Sunday, December 11, 2005


We continue our December exploration of Religion with Voodoo, or “Vodou”. The term comes from the French word “voudou”, which in turn comes from the name of a West African African spirit, “Vodun”.

As we all know, “Voodoo” has, in America, taken on a pejorative sense. This needs no illustration, but I heard on NPR a few weeks ago a commentator from KPCC, Mimi Pond, describing religious and superstitious practices she found idiotic (including the 3000-year old practice of Feng Shui, which Pond glibly simplified and cartoonized), as “Personal Voodoo”. (Pond’s inane commentary – an embarrassment to the venerable KPCC -- is available here.)

Who am I to complain? The dictionary ratifies Pond’s use of the term:
voo·doo n., pl. -doos.
1. A religion practiced chiefly in Caribbean countries, especially Haiti, syncretized from Roman Catholic ritual elements and the animism and magic of slaves from West Africa, in which a supreme God rules a large pantheon of local and tutelary deities, deified ancestors, and saints, who communicate with believers in dreams, trances, and ritual possessions. Also called vodoun.
2. A charm, fetish, spell, or curse holding magic power for adherents of voodoo.
3. A practitioner, priest, or priestess of voodoo.
4. Deceptive or delusive nonsense.
tr.v., -dooed, -doo·ing, -doos.

To place under the influence of a spell or curse; bewitch.

1. Of or relating to the beliefs or practices of voodoo.
2. Based on unrealistic or delusive assumptions:
voodoo economics

[Louisiana French voudou, from Ewe vodu and Fon vodun]


“Voodoo” is a religion – or a family of religions – and only recently have I roused myself to recognize that it is disturbing that an accepted use of the word is to mean “nonsense”. I am not the PC police, but this would not fly if one were to use “Christianity”, “Judaism”, “Islam”, or “Buddhism” in the same sense. Should we consider, for a moment, that this unthinking denigration of Voodoo has anything to do with its history of practice by West Africans brought to the New World as slaves? Can anyone think of a better illustration of the ability of power to define and assign value? Oh, we all know that Thomas Jefferson’s beliefs in his God and Jesus were great and noble; and we all know – the dictionary tells us – that the dark superstitious “Voodoo” of his slaves was dangerous, wicked, and backwards.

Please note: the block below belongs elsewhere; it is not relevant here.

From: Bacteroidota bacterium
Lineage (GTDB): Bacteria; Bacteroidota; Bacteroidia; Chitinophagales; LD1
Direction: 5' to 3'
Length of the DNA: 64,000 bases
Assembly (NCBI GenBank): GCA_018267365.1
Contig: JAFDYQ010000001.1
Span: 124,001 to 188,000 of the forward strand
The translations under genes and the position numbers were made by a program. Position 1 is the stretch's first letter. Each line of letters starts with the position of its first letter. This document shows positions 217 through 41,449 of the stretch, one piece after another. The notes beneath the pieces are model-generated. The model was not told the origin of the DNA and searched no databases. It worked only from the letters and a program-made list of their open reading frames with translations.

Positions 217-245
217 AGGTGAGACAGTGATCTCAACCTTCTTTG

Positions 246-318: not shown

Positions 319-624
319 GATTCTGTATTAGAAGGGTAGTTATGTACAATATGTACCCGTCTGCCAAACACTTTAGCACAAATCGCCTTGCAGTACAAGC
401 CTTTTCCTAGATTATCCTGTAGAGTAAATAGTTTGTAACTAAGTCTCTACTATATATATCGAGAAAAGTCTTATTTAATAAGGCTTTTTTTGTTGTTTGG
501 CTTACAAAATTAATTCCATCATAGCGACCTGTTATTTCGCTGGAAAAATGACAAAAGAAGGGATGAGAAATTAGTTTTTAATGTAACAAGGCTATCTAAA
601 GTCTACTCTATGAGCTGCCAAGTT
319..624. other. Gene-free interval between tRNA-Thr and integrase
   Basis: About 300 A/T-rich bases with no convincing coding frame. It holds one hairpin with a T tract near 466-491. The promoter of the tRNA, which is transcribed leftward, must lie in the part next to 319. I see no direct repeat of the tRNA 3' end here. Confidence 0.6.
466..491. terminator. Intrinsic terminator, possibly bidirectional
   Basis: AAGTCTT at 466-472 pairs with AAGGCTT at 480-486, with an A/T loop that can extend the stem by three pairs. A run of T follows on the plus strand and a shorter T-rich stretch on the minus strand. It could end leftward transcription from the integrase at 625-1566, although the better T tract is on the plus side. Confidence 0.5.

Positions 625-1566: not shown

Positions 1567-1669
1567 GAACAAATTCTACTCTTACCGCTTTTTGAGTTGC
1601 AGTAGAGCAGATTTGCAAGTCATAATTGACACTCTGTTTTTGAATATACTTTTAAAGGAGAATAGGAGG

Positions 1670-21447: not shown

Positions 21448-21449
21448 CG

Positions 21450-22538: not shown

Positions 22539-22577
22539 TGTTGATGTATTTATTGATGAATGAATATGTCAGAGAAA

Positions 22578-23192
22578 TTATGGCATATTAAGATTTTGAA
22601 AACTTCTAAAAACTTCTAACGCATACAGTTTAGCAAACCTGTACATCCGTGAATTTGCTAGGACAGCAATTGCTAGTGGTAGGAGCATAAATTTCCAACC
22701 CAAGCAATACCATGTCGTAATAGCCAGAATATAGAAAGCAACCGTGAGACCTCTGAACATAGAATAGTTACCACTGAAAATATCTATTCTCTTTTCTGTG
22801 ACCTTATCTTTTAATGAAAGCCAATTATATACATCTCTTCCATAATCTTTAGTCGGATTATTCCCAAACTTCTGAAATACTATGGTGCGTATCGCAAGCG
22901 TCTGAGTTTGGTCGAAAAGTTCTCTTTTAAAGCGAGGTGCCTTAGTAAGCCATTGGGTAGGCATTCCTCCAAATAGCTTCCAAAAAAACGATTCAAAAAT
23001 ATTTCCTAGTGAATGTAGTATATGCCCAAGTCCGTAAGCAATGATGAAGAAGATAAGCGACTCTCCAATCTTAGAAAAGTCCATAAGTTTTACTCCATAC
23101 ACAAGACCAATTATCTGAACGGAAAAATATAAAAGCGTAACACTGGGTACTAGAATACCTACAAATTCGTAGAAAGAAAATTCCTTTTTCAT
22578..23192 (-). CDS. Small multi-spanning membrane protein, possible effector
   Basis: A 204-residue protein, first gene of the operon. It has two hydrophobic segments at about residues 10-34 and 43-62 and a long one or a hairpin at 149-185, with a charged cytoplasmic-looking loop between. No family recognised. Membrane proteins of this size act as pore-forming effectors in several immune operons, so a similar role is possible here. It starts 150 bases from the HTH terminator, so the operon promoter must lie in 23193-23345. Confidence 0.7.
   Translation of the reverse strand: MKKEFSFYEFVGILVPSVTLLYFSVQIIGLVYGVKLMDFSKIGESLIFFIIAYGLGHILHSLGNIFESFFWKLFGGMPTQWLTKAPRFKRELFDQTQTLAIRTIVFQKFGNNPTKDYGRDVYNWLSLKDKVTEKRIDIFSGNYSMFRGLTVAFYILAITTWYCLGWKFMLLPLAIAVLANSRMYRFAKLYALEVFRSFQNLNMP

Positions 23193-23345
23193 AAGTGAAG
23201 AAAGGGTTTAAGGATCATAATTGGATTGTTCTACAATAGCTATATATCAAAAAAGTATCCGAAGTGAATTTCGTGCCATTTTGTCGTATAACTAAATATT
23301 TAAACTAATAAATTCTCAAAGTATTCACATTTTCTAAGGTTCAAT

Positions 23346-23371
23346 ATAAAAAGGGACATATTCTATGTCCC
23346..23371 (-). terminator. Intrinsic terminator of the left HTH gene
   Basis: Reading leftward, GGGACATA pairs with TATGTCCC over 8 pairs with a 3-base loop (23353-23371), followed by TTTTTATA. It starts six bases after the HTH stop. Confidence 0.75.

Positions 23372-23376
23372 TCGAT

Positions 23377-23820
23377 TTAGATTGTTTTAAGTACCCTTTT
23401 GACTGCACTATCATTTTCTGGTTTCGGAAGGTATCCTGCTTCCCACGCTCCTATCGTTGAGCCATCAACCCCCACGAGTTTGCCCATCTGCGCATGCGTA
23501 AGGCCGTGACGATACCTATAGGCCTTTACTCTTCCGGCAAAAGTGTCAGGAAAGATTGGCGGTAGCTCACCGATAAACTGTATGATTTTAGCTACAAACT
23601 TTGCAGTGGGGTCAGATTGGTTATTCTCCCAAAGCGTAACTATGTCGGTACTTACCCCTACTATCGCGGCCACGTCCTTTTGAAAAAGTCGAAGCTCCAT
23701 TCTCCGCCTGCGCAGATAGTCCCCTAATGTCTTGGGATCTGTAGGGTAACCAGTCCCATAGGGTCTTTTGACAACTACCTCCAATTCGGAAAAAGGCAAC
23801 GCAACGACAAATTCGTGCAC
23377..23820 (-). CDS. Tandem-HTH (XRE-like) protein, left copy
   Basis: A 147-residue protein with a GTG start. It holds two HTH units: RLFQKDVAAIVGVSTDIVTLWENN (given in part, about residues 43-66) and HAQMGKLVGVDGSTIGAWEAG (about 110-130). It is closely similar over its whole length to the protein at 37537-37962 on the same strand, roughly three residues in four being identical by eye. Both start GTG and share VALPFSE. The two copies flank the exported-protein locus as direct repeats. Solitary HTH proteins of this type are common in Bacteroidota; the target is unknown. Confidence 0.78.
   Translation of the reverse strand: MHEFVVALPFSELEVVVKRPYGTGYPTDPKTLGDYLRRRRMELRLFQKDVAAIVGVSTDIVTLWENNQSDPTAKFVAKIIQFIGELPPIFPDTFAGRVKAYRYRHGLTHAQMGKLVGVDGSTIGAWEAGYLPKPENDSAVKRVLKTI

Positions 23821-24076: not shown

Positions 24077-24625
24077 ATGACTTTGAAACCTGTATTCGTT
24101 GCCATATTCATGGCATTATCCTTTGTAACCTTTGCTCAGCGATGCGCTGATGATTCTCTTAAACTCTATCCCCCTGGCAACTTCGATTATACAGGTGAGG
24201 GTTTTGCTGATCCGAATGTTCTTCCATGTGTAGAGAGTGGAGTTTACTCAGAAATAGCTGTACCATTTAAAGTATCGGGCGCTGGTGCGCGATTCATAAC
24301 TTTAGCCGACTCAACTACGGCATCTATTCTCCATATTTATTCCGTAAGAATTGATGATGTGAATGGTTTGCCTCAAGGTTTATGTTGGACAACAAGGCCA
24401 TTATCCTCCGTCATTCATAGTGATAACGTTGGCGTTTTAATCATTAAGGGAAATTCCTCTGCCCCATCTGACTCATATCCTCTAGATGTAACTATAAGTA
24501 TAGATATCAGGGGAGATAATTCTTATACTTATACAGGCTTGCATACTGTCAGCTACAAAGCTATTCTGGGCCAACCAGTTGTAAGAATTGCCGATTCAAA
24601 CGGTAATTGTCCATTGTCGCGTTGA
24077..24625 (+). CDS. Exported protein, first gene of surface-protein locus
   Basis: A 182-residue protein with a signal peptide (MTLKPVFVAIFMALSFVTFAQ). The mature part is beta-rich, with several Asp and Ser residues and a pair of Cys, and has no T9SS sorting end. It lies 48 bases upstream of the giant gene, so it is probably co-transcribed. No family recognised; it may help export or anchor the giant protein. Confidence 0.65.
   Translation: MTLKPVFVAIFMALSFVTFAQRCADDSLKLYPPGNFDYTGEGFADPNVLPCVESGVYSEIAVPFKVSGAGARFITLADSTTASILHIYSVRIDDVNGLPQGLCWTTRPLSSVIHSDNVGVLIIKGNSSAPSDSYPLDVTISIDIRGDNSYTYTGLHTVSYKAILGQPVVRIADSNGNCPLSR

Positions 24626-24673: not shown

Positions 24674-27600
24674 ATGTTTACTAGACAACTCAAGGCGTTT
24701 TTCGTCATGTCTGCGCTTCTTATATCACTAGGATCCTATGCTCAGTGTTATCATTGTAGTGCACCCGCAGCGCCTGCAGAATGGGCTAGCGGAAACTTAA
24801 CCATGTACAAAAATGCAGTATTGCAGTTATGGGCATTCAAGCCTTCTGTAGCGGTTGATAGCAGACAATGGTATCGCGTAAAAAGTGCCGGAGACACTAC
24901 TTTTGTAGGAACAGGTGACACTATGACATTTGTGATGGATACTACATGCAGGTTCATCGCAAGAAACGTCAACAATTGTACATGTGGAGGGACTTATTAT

Everyone who’s been to college knows the relevant citations. See also lecture on representations of Voodoo in popular culture.

One particularly fascinating aspect of Voodoo is its opportunistic and resourceful syncretism, particularly how practicioners of Voodoo, facing repression from their Catholic masters, adopted the saints and symbols of Catholicism and employed them to their own purposes:
Saint Peter is depicted in most lithographs found in Haiti, holding keys - the key to the church. As in Vodou Mythology, Legba is the keeper of the gates to the spirit world, the keys would symbolize him. This association, can be seen with many other saints. It is one of the clearest visual ways in which Catholicism has been incorporated into vodou. Some further examples of this are Saint Patrick and Saint John the Baptist. Saint John’s cloths resemble very much those of Haitian peasants. He has a sack across his shoulders. The Vodouiants interpret him to be Zaka - the lwa in charge of farmers and growth. As for Saint Patrick, he is depicted surrounded by snakes which according to Catholic mythology he threw into the ocean. In vodou mythology, Damballah is a lwa which is very closely associated with snakes. Therefore these two images fused together in the minds of the followers of vodou. In every ounfu (a place where vodou is practiced) one can find a picture of Saint Patrick, along with other Catholic lithographs, yet when vodou practitioners are asked, they refer to these by the name of the vodou lwa. Many times these vodouiants are not even aware that it is a Catholic saint depicted.

Another visual symbol that is believed many times to prove the assimilation of vodou and Catholicism is the symbol of the cross. It is widely found in many different vodou rituals as well as in ounfus. Although the use of this symbol by vodousants was probably made stronger over the centuries of close association with the church, the cross itself is deeply rooted in vodou mythology. According to vodou mythology, the cross symbolizes the creation of the universe. When the Godhead Mawu Lisa created the world , she moved to the four corners of the universe, thereby creating a cross (Desmangles, 142). The cross still symbolizes the creation and the communication between the two worlds, that of the spirits and the of humans, not only in vodou but in many West African religions still practiced today. It is possible that as has happened with many other symbols and practices over the ages, the African cross would have disappeared from vodou practice, were it not to have been reinforced by the Catholic cross. But as with the lithographs of the saints, the enslaved people learned to interpret the Catholic cross in the light of their religious beliefs and traditions.
From Hunter College research paper at

Finally, we may be indebted to the theology of Voodoo for the origins of the term. See Wikipedia entry on “Voodoo”. (Note that this is my own speculative, unsupported theory).

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